Molecular evidence for recent founder populations and human-mediated migration in the barley scald pathogen Rhynchosporium secalis.
ABSTRACT Rhynchosporium secalis is an important pathogen of barley globally. Fourteen polymorphic microsatellites were analyzed for 1664 R. secalis isolates sampled from 37 field populations to infer their demographic history. The results falsified the hypothesis that R. secalis co-evolved with its barley host in the Middle East. Populations from Scandinavia had significantly higher allelic diversities, the greatest number of private alleles and the highest genotypic diversities. All but three of the analyzed populations had an excess of gene diversity compared to the number of alleles, consistent with a recent population bottleneck. The remaining populations had a gene diversity deficit consistent with a population expansion following a recent population bottleneck in the last +/-100 years. A coalescent analysis revealed that the effective population sizes based on theta, of the analyzed populations were small relative to their ancestral population sizes, indicating that only a fraction of the diversity present in the ancestral populations was transmitted into current populations. These findings are consistent with the hypothesis that the pathogen population on barley experienced a selection bottleneck imposed by the host and/or are founder populations. The mean estimate of migration rates was 2.2 (avg 90% confidence interval=1.3-3.1). Major migration routes were identified among populations separated by long distances, eg between South Africa and Australia, as well as among North Africa, the Middle East and California, suggesting contemporary exchange of infected barley seed. In contrast with earlier findings, most populations exhibited significant gametic disequilibrium, probably as a result of genetic drift. We conclude that the majority of R. secalis populations have experienced human-mediated migration that led to numerous and relatively recent founder events around the world.
Article: Contrasting patterns of genetic diversity and population structure of Armillaria mellea sensu stricto in the eastern and western United States.[show abstract] [hide abstract]
ABSTRACT: ABSTRACT Armillaria mellea infects hundreds of plant species in natural and managed ecosystems throughout the Northern hemisphere. Previously reported nuclear genetic divergence between eastern and western U.S. isolates is consistent with the disjunct range of A. mellea in North America, which is restricted mainly to both coasts of the United States. We investigated patterns of population structure and genetic diversity of the eastern (northern and southern Appalachians, Ozarks, and western Great Lakes) and western (Berkeley, Los Angeles, St. Helena, and San Jose, CA) regions of the United States. In total, 156 diploid isolates were genotyped using 12 microsatellite loci. Absence of genetic differentiation within either eastern subpopulations (theta(ST) = -0.002, P = 0.5 ) or western subpopulations (theta(ST) = 0.004, P = 0.3 ) suggests that spore dispersal within each region is sufficient to prevent geographic differentiation. In contrast to the western United States, our finding of more than one genetic cluster of isolates within the eastern United States (K = 3), revealed by Bayesian assignment of multilocus genotypes in STRUCTURE and confirmed by genetic multivariate analyses, suggests that eastern subpopulations are derived from multiple founder sources. The existence of amplifiable and nonamplifiable loci and contrasting patterns of genetic diversity between the two regions demonstrate that there are two geographically isolated, divergent genetic pools of A. mellea in the United States.Phytopathology 07/2010; 100(7):708-18. · 2.80 Impact Factor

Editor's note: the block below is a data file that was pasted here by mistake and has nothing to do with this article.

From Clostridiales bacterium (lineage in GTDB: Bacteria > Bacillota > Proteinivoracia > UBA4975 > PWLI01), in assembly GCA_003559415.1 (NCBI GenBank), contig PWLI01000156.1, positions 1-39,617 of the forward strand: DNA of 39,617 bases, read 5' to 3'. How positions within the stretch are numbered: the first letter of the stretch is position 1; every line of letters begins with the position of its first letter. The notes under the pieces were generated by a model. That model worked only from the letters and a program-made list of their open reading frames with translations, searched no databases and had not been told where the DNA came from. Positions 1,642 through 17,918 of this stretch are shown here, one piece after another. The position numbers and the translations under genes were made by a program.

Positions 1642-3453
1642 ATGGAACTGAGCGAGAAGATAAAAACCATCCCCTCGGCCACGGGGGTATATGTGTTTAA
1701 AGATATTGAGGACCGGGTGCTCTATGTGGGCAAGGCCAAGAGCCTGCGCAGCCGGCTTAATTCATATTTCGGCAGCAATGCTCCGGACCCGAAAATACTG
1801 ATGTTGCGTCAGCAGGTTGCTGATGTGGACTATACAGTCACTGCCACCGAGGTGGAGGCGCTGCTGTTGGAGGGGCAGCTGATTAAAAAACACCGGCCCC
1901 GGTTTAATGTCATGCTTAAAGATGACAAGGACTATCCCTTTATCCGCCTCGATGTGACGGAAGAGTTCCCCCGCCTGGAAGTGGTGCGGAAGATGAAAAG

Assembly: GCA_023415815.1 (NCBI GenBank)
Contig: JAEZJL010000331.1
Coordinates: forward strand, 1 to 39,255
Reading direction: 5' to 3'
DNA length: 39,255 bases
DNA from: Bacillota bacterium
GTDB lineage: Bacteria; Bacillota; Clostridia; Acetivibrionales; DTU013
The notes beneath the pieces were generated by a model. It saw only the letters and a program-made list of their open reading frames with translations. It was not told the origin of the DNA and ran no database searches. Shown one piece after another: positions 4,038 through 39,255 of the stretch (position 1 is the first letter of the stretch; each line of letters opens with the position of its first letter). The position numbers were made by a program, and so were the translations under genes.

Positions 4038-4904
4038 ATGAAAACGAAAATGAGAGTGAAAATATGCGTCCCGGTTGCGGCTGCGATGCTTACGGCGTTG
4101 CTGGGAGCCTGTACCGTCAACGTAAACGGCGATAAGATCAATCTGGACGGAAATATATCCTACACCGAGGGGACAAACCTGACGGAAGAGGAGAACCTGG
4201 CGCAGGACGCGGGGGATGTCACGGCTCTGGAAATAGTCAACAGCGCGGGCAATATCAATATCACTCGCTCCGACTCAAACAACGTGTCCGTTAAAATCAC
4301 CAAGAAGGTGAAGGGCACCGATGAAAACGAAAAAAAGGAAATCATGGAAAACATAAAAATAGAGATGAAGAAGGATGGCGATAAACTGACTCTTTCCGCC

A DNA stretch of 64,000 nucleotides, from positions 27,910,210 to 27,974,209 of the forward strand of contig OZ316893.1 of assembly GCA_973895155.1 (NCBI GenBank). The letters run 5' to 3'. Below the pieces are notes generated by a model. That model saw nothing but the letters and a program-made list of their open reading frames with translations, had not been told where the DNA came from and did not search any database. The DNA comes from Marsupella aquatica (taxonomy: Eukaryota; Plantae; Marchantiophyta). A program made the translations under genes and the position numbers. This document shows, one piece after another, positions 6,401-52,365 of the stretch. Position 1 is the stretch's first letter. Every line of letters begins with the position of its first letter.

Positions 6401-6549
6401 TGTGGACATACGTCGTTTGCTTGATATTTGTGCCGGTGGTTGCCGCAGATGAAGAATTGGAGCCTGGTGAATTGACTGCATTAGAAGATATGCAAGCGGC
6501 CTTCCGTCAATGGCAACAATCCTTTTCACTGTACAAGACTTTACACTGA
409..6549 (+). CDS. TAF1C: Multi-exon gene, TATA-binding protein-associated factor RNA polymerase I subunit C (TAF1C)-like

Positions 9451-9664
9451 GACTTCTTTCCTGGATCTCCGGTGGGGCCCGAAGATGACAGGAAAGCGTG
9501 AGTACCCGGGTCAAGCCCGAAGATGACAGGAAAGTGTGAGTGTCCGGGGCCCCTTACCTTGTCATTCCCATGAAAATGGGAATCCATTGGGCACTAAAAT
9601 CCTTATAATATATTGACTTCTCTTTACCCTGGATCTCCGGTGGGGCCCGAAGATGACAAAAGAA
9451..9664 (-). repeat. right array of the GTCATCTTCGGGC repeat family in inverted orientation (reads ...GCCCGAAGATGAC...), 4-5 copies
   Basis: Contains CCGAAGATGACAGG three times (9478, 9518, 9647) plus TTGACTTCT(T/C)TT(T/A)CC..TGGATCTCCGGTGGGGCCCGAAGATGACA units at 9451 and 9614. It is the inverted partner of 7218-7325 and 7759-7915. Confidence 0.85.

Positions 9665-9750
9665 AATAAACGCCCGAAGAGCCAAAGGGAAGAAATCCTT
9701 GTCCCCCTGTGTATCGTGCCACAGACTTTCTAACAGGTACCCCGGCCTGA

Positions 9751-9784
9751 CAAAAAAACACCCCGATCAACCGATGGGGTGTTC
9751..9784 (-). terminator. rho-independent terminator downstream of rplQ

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ABSTRACT: Fungi are asexually and sexually reproducing organisms that can combine the evolutionary advantages of the two reproductive modes. However, for many fungi the sexual cycle has never been observed in the field or in vitro and it remains unclear whether sexual reproduction is absent or cryptic. Nevertheless, there are indirect approaches to assess the occurrence of sex in a species, such as population studies, expression analysis of genes involved in mating processes and analysis of their selective constraints. The members of the Phialocephala fortinii s. l. - Acephala applanata species complex (PAC) are ascomycetes and the predominant dark septate endophytes that colonize woody plant roots. Despite their abundance in many ecosystems of the northern hemisphere, no sexual state has been identified to date and little is known about their reproductive biology, and how it shaped their evolutionary history and contributes to their ecological role in forest ecosystems. We therefore aimed at assessing the importance of sexual reproduction by indirect approaches that included molecular analyses of the mating type (MAT) genes involved in reproductive processes. The study included 19 PAC species and > 3, 000 strains that represented populations from different hosts, continents and ecosystems. Whereas A. applanata had a homothallic (self-fertile) MAT locus structure, all other species were structurally heterothallic (self-sterile). Compatible mating types were observed to co-occur more frequently than expected by chance. Moreover, in > 80% of the populations a 1:1 mating type ratio and gametic equilibrium were found. MAT genes were shown to evolve under strong purifying selection. The signature of sex was found in worldwide populations of PAC species and functionality of MAT genes is likely preserved by purifying selection. We hypothesize that cryptic sex regularely occurs in the PAC and that further field studies and in vitro crosses will lead to the discovery of the sexual state. Although structurally heterothallic species prevail, it cannot be excluded that homothallism represents the ancestral breeding system in the PAC.BMC Evolutionary Biology 09/2011; 11:282. · 3.52 Impact Factor